740.00113 European War 1939/438: Telegram
The Ambassador in the United Kingdom (Winant) to the Secretary of State
[Received 6:08 p.m.]
4155. Referring to your 3400, July 22, midnight. An informal meeting was held at the Treasury on Friday afternoon at which the proposed declaration reserving the right to declare invalid all transfers of property rights and interests in territory occupied or controlled by the Axis was discussed briefly. The meeting was presided over by the Financial Secretary to the Treasury and was attended by the Finance Ministers of Belgium, Czechoslovakia, the Fighting French, Greece, the Netherlands, Norway, Poland and Yugoslavia, and by representatives of Australia, Canada, New Zealand and South Africa and of the appropriate authorities within the British Government. An observer from the Embassy attended and informed the meeting of the sympathetic interest with which the proposed declaration was being examined in Washington. The proposed text was presented for the first time at the meeting to the countries represented and detailed textual discussion was postponed to give the representatives an opportunity to examine the text and discuss it with their Governments. The proposal that a declaration be made was, however, received with great satisfaction and met with general approval in principle. The question of Russian participation was raised and the Chairman said that the meetings had hitherto been meetings of Finance Ministers, that he was ready to consider widening them if the representatives so desired but that in any case the Foreign Secretary1 had already undertaken to keep the Russian Ambassador2 fully informed.[Page 74]
Since it was not desired to take up detailed textual discussion at this meeting the three points raised in your 3400, July 22, midnight, were discussed privately with Ronald,3 Keynes,4 Waley,5 and Fraser.6
As regards point 1 the British feel that the declaration should be a joint declaration made by those of the United Nations to whom it is a matter of practical concern and importance. They do not feel that it would be strengthened by the inclusion of countries not involved in such transfers of property rights and interests and which therefore would have no occasion to implement the declaration.
As regards point 2 the British have in mind a Government declaration and not a declaration by Finance Ministers. The matter was introduced at a meeting of Finance Ministers because this body was accustomed to meet and formed a convenient group for discussion of the matter.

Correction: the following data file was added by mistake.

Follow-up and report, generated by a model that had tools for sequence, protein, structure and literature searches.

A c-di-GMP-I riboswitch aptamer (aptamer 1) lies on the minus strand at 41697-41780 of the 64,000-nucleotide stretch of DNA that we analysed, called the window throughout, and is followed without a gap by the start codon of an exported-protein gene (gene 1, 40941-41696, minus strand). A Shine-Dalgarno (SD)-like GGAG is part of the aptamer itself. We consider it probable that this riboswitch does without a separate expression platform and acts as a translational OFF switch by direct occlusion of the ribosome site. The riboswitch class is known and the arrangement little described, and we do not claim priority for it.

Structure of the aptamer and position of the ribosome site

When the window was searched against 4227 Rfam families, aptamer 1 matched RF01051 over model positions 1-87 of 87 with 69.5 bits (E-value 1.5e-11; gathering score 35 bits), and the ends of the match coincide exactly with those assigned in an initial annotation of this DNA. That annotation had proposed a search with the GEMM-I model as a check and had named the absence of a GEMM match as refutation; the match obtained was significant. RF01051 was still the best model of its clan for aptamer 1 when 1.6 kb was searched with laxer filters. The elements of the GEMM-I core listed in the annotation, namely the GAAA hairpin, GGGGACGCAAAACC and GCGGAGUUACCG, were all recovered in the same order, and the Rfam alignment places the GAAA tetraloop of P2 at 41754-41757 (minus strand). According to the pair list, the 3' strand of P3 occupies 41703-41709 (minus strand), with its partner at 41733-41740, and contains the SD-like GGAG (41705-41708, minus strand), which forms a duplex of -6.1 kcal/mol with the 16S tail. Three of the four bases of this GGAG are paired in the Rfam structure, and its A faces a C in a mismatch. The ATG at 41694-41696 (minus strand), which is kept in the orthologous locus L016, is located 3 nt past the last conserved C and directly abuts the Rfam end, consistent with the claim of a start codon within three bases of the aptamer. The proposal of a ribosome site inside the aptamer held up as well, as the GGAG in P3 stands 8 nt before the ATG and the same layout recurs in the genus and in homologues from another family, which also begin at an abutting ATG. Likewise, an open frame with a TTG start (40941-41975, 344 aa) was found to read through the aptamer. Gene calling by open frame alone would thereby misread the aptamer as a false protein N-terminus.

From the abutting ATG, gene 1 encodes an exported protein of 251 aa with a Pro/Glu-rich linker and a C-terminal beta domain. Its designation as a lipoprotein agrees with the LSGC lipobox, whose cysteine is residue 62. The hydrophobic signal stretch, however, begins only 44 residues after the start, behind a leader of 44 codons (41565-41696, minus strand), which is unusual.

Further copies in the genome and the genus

As regards point 3 the British would be glad of any suggestions on wording and of any illustrations of the type of transaction which ought to be covered but would not be covered by the present wording. They are considering the substitution of the word “owned” for the word “situated” in the first sentence of the declaration.
Both the British and the Allied Governments, especially Belgium and Czechoslovakia, believe it to be of great political importance that such a declaration be made at this time. They feel that recent Axis military successes will give, if they have not already given, a strong impetus to additional transfers of property rights and interests in territories occupied or controlled by the Axis. For this reason they wish to avoid unduly detailed legalistic statements. They emphasize that existing laws differ considerably in different countries and that the implementation of the declaration may ultimately require new legislation in some countries. They wish to avoid postponement of a declaration pending a clarification and supplementation of the powers of each country to implement a general declaration along the lines proposed. Their immediate purpose is to issue a general declaration which will cast doubt upon all transfers of property rights and interests in Axis dominated territories and which can be used in broadcasts to such territories at a time when there is a tendency for such transfers to increase.
- Anthony Eden.↩
- Ivan Mikhailovich Maisky.↩
- Nigel Bruce Ronald, British Acting Assistant Under Secretary for Foreign Affairs.↩
- John Maynard Keynes, Economic Adviser to the British Government.↩
- Sigismund Waley, Under Secretary, British Treasury.↩
- Presumably Arthur Ronald Fraser, Assistant Secretary, British Board of Trade.↩